Unfortunately, because of the demanding syllabus of our educational system, the unusually high teacher-student ratio and the lack of social workers lead to a lack of sufficient time for the teachers and the social workers to acknowledge the emotional problems of the youth.
The peer pressure exerted by the teenagers themselves as well contributes to the emergence of “youth as a social problem”. In search for the security and conformity that the teenagers could neither found at home or at school, the youth themselves gather together as peer groups. Surele, peer group itself is positive if it is used as a device to provide mutual emotional and academic support to one another. However, some peer groups had been infiltrated by misbehaved youth that used the peer pressure to push the youth to engage in triad activities or to take drugs.
... in the hands of the creator (Dobson 214). Thesis: Parenting teenagers can be difficult, but it doesnt have to be if ... Parenting teenagers can be a difficult thing, but it doesnt have ... A lot of times teens think that their parents dont understand them or their problems, points out Dr. Ferne Cherne. On ... to relate to his or her child more as a peer. In his book, Dr. Dobson Answers Your Questions, Dobson ...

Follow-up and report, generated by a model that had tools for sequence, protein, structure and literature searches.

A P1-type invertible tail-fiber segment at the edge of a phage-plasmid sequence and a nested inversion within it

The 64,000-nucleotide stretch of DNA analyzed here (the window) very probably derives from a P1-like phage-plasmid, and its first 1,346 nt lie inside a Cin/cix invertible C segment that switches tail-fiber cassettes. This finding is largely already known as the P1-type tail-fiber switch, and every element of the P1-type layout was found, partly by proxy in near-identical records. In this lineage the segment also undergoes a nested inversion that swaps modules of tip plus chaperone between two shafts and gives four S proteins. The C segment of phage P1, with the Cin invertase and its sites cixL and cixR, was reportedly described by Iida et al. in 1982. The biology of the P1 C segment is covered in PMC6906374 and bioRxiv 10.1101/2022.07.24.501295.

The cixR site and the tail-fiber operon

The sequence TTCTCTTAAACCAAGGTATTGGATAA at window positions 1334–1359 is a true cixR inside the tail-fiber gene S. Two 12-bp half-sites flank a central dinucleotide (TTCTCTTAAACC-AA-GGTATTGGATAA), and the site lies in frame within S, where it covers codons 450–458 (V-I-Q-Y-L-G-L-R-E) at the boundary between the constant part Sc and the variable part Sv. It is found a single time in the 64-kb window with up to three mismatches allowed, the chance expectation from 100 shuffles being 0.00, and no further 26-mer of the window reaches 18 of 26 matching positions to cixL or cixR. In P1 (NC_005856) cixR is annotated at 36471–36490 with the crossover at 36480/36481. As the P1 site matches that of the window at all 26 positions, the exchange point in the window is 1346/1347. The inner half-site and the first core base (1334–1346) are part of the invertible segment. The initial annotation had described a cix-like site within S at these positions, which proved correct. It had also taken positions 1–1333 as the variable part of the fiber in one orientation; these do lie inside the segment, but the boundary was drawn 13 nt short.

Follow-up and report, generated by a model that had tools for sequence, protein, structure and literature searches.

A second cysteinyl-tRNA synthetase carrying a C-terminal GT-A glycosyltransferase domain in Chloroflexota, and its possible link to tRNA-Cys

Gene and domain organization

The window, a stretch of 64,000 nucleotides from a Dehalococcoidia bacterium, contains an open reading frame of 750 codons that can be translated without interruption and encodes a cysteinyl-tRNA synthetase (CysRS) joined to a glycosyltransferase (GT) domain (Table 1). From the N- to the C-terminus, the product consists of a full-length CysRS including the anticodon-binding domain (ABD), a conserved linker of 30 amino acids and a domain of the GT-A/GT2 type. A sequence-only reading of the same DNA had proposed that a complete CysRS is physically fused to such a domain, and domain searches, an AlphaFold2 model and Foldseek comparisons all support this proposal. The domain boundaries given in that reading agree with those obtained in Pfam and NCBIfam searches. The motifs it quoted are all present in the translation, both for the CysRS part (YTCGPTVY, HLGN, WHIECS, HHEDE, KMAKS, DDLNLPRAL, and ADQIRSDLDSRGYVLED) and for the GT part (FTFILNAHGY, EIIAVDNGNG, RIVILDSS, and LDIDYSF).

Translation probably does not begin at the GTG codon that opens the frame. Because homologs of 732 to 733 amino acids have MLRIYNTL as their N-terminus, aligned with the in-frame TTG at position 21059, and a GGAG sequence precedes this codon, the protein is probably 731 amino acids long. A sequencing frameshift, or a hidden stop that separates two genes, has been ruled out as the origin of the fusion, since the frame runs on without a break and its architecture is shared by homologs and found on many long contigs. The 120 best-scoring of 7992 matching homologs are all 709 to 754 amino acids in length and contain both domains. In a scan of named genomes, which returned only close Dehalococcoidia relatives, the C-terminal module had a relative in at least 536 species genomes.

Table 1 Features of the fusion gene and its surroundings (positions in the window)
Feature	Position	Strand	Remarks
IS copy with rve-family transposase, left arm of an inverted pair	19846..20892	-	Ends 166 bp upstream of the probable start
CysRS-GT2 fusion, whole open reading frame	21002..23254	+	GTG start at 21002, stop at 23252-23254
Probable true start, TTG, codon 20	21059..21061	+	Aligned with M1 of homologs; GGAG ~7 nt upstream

From the analysis of the underlying reasons of the youth problems, it is reasonable to deduce the implication that the family sector, the school and the social sector, as well as the youth themselves collectively contribute to the social problems these days.
Based on the implication above, it is obvious that we have no choice but to improve the communication between the youth and the parent, as weel as the youth and the teachers, in order to tackle the social problems created by the teenagers.
For the families, parents could try to strike a balance between work and family life and establish better relationships with their children. This could be done through simple means like watching TV with the youth or just by buying a snakc for their children when they are studying.
For society, it is advised to lower the teacher-students ration and to reduce the workload of the teachers so that the teachers would have more time to know their students instead of just spoon-feed the students with knowledge.
The training of independent critical thinking skills should be regarded as of paramount importance to safeguard the teenagers from negative peer pressure. It is also recommended that more resources should be allocated on the training of social workers so as to upgrade the efficiency of law enforcement to curb juvenile delinquency or to stop the innocent teenagers to be manipulated by the triad.
The youths should strive to cultivate independent critical thinking and try to make some compromise with their parents whenever possible. They are reminded not to resort to violence. suicide or drugs when they encounter emotional problems.
In order to uphold the pillars of our future, the concerted effort of the family, society and the juvenile is needed. Let’s cooperate and strive to make young people our social pride instead of accusing them as a social problem!